Dear Friends, Just a quick note to let you know I’m going to be the primary guest on Coast to Coast AM on Friday night 4/17/15. I’m a longtime fan of this nationwide show so this is a dream come true for me. I’ll hopefully be talking about the screenplay I’m currently writing (LITTLE ROCK, a bio-pic of artist and Navy Ensign Vernon “Copy” Berg, the first officer to legally challenge the US military for anti-gay discrimination; my script is an adaptation of a memoir written by his partner at the time entitled Get Off My Ship: Ensign Berg v. the US Navy by E. Lawrence Gibson), BONEYARDS of course, my ancient hit play TESLA’S LETTERS and my recent experiences on my Amtrak Residency trip looking for ghosts in Chicago’s Bachelor’s Grove Cemetery and exploring the supernatural with the adorable Iowa ghost-hunting family I fell in with for a few days in Colorado (please go here to have your mind blown).

Coast to Coast AM is a North American (United States and Canada) late-night radio talk show that deals with a variety of topics but most frequently ones that relate to either the paranormal or conspiracy theories. It airs seven nights a week 1:00 a.m. – 5:00 a.m. EST. Originally created and hosted by Art Bell, since 2013 the program is hosted mainly by George Noory. Coast to Coast AM has a cumulative weekly audience of 2.75 million listeners, making it the most listened-to program in its time slot. It’s heard on nearly 570 stations in the U.S., Canada, Australia and Guam.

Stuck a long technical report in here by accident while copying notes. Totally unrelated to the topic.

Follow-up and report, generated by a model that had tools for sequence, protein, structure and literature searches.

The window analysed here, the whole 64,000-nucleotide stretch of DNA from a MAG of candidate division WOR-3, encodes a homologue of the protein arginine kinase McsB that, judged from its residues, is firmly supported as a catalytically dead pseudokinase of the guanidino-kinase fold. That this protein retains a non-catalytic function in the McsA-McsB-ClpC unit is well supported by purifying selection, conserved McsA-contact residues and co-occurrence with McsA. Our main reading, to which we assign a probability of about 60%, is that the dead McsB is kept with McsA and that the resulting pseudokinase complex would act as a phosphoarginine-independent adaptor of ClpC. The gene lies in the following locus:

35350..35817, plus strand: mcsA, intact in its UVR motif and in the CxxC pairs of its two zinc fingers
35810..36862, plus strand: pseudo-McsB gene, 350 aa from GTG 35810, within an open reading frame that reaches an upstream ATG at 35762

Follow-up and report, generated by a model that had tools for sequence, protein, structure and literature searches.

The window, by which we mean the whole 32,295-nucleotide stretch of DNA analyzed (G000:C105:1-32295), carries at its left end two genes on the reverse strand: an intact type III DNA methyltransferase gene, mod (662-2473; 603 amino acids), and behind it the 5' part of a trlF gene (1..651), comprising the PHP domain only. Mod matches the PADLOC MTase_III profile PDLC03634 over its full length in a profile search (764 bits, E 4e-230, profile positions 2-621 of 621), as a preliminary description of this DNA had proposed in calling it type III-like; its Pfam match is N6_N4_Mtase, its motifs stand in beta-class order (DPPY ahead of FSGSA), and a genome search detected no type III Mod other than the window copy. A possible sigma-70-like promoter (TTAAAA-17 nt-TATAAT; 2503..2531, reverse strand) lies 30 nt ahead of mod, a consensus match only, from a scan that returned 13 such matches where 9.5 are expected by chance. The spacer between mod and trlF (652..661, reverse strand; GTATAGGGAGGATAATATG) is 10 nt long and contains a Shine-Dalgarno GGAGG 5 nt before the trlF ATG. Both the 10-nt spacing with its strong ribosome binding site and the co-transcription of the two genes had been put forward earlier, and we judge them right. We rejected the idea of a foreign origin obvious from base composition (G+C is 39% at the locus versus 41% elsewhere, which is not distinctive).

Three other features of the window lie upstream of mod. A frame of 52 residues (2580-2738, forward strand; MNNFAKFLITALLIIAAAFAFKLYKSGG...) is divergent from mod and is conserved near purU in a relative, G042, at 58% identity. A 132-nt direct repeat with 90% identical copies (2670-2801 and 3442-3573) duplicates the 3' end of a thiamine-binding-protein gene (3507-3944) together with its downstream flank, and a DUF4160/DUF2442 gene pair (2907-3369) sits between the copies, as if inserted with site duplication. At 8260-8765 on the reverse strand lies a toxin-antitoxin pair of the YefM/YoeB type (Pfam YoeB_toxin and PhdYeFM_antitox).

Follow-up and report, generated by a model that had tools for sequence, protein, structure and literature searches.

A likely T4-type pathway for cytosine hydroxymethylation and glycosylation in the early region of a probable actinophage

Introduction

Film industry guests have included screenwriter Joe Eszterhas, screenwriter Laurice Molinari, veteran comedy director Tom Shadyac, Big Bang Theory executive producer Eric Kaplan, and others. The format consists of a combination of live callers and long format interviews. The subject matter covers unusual topics and is full of personal stories related to callers, junk science, pseudo experts and non-peer reviewed scientists. While program content is often focused on paranormal and fringe subjects, sometimes world-class scientists such as Michio Kaku and Brian Greene are featured in long format interviews. Topics discussed include the near-death experience, climate change, cosmology, quantum physics, remote viewing, hauntings, contact with extraterrestrials, psychic reading, metaphysics, science and religion, conspiracy theories, Area 51, crop circles, cryptozoology, Bigfoot, the Hollow Earth hypothesis, and science fiction literature, among others. Since the September 11, 2001 attacks, the events of that day (as well as alternate theories surrounding them) and current U.S. counter-terrorism strategy have also become frequent themes.